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About Bridge of Allan


Bridge of Allan (Gaelic: Drochaid Alain) lies on the Allan Water, a northern tributary of the River Forth. Nestling at the foot of the Ochil Hills, Bridge of Allan is a sheltered spot that boasts a great sense of peace and quiet.


The hamlet of Bridge of Allan grew around an ancient Change House, or Inn on the banks of the old bridge which was demolished in 1957 to make way for the new bridge that you see today.


A Victorian Spa Town is Born In the early 1800’s the local inhabitants would gather on a Sunday to drink the waters that flowed through an old trough from the old mines of Airthrey. In 1820, Professor Thomas Thomson of Glasgow analysed the properties of the water, proclaimed that they were indeed “superior in mineral content to that of many well known spas”. In 1821, a well-house was built by the mine owner and at that point, the spa town of Bridge of Allan was born.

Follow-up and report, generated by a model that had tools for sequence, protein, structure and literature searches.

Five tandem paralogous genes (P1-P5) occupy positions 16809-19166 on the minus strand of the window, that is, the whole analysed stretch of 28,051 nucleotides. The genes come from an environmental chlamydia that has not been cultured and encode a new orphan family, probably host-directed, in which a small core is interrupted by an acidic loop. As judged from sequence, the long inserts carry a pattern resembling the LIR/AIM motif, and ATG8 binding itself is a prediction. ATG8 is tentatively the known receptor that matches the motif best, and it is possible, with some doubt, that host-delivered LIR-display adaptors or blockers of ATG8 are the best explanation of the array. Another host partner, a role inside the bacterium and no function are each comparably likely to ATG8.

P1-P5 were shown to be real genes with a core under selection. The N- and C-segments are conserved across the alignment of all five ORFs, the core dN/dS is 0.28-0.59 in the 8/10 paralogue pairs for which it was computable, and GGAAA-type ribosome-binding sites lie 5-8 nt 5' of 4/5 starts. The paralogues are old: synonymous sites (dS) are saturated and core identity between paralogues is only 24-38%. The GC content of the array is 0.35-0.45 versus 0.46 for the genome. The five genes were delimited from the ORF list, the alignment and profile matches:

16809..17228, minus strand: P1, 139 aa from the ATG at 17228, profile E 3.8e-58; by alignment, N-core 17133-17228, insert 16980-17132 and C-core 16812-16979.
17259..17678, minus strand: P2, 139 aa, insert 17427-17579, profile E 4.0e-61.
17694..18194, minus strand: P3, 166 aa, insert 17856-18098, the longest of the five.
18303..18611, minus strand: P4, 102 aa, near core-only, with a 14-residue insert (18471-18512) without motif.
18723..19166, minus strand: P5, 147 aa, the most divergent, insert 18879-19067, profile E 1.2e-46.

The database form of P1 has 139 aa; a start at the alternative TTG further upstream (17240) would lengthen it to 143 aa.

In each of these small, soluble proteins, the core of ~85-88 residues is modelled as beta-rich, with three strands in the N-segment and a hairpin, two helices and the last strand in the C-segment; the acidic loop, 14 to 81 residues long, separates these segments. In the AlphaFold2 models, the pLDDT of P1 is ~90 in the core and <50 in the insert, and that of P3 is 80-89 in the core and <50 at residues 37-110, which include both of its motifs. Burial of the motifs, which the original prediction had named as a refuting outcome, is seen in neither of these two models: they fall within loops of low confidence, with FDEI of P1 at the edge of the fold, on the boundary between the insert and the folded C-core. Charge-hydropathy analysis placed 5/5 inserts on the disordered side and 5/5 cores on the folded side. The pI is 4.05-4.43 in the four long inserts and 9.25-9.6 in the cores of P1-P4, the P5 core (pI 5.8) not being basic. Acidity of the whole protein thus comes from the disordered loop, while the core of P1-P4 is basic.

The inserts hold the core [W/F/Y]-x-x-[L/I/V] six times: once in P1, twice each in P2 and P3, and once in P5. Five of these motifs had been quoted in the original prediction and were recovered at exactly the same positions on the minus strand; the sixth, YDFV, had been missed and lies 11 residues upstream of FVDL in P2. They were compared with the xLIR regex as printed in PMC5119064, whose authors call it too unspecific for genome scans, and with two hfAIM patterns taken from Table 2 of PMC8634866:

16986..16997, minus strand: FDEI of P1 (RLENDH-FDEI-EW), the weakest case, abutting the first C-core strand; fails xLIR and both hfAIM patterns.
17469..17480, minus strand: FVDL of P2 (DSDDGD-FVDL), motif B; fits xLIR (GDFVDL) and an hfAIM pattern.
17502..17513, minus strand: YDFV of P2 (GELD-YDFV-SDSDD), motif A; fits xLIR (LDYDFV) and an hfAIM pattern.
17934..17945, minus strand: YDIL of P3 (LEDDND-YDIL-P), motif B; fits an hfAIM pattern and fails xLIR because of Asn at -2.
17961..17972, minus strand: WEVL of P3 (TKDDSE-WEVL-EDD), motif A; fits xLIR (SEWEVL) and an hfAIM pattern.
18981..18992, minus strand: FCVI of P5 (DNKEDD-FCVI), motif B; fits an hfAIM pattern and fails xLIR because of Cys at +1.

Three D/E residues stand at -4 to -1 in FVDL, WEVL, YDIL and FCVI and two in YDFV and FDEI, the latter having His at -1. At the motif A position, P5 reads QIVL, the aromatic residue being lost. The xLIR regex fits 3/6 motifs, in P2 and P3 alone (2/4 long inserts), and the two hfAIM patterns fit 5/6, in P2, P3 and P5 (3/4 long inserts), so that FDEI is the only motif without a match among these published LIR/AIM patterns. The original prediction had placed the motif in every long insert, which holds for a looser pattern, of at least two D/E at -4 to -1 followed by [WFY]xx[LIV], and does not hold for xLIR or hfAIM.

By 1861 the population had risen to 1,800, a phenomenal increase from the village of 200 souls not less than 20 years previous. A brand new town was coming into existence.


World Famous Landmarks The world famous Wallace Monument that stands to the east of Bridge of Allan was built in 1896 and is dedicated to the infamous Scots hero, William Wallace and the battle of Stirling Bridge.


To the south of Bridge of Allan is Stirling and a magnificent view of Stirling Castle.


five The National Wallace Monument


Today’s Bridge of Allan The Bridge of Allan of today boasts a beautiful setting, its wildlife, its activities, its shops and its architecture. There are buildings here that can tell you many stories; from the Museum Hall that once hosted the Beatles, to the many boarding houses that played host to soldiers during the Great War.


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